The Graduate Management Admission Test (GMAT) is a test meant to assess a specific set of skills necessary for admission to a graduate management program (e.g. an MBA). As a result, the main audience is the students that are interested in business education, since approximately two-thirds of graduate business schools require the test scores for admission (GMAC, 2016). It is important to note that the students who apply for education in schools that do not require GMAT scores can still benefit from taking it as the scores are welcomed as a competent illustration of the applicant’s qualifications. Importantly, the schools that do not consider GMAT results as criteria of admission are considered as having lax admission standards (Versatile Academy, n.d.). It should also be noted that the test is the most valuable for students that aim at education in North America.
We will write a custom Critical Writing on Graduate Management Admission Test: Pros and Cons specifically for you
301 certified writers online
GMAT is a computerized adaptive test, i.e. the choice of questions presented to the subjects is based on their responses to the previous options. It is administered via computer software except for a situation where the computer is unavailable in the location, in which case the paper version of the test is used instead. The most common example of administration is a scheduled test taken in one of the dedicated test centers. The test can be taken on demand and requires scheduling. The maximal number of attempts at taking GMAT is five per year, with no less than sixteen days between tries. The average duration of the test is three and a half hours. The global fee of $250 needs to be paid to take the test.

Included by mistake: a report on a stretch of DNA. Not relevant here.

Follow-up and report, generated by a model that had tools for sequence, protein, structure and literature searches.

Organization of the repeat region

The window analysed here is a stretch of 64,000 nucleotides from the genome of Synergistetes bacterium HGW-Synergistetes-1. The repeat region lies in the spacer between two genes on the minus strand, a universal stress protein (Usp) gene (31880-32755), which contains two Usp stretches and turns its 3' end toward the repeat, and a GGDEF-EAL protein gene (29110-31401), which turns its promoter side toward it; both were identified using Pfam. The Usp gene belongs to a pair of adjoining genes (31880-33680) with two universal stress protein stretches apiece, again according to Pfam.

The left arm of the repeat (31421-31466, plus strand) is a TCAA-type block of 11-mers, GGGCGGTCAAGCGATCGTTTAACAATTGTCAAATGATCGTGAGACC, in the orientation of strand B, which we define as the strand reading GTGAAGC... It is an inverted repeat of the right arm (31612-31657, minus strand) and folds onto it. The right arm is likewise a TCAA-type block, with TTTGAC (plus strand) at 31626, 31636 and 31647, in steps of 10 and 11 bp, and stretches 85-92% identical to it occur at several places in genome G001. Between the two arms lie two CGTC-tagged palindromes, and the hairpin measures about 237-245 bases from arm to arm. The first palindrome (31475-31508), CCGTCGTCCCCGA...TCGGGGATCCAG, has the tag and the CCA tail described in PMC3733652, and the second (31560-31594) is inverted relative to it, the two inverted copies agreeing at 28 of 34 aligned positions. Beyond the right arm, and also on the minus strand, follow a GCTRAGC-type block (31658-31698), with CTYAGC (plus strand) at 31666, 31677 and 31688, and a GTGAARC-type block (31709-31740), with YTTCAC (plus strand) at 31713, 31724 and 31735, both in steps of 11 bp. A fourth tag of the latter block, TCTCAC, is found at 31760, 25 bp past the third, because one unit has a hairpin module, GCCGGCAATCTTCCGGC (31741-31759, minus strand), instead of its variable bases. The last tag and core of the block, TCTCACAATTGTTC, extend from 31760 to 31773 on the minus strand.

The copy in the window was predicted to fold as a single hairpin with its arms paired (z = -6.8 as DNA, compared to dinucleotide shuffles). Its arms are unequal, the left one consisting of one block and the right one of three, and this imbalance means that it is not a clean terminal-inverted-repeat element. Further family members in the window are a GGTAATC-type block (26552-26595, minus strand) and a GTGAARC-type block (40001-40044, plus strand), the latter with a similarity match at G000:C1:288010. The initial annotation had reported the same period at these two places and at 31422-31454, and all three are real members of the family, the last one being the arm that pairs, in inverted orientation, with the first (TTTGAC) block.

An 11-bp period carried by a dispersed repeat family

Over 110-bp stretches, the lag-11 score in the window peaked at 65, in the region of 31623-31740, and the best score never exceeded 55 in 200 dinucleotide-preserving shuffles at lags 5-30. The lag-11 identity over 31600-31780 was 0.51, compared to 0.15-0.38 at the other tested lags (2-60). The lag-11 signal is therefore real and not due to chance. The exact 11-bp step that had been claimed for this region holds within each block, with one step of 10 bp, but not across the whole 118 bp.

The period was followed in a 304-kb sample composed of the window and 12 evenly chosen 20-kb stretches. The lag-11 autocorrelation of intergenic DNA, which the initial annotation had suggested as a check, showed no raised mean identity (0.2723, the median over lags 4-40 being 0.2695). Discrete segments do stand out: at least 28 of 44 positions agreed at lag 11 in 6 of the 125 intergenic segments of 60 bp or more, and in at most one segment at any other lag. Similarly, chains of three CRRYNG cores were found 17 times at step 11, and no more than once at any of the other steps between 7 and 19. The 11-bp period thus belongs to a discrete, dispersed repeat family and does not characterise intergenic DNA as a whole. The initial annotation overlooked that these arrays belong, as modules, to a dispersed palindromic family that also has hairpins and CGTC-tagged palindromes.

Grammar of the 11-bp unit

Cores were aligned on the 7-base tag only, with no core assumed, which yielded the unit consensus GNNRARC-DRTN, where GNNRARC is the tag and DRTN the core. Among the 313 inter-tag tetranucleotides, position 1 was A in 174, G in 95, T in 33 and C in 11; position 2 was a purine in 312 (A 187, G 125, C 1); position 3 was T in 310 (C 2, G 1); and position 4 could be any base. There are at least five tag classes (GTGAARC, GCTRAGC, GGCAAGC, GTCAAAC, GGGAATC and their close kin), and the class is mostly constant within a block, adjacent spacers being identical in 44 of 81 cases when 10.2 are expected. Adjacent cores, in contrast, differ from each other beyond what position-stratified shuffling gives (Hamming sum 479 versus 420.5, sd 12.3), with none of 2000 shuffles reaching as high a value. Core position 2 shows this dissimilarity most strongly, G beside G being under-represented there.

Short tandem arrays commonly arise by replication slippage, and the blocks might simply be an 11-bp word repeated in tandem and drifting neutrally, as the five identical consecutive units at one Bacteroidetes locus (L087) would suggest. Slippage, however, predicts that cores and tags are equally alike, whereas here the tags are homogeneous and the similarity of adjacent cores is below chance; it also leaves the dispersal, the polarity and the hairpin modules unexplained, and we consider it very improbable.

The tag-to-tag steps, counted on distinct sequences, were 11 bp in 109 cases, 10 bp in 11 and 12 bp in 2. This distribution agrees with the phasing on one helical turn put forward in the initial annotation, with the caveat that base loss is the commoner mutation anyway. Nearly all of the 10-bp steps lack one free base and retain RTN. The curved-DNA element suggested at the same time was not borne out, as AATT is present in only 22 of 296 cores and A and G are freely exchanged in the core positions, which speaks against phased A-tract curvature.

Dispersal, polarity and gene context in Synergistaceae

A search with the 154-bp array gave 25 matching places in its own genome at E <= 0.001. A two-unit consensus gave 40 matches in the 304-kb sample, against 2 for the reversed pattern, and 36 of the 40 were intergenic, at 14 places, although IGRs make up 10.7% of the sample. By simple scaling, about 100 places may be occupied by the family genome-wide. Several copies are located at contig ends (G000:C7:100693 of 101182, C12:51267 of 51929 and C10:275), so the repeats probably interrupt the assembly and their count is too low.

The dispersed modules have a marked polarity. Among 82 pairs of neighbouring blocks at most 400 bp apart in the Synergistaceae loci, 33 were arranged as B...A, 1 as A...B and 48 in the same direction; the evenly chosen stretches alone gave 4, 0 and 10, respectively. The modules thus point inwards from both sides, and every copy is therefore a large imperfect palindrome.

The test is expected to assess the students’ problem-solving capacity, analytical abilities, logic, data handling abilities, and reasoning skills (GMAC, 2016). The test does not represent a measurement of intelligence and does not require business knowledge or skills to be taken. Therefore, it is possible to characterize GMAT as a summative test intended to predict performance based on generalized characteristics.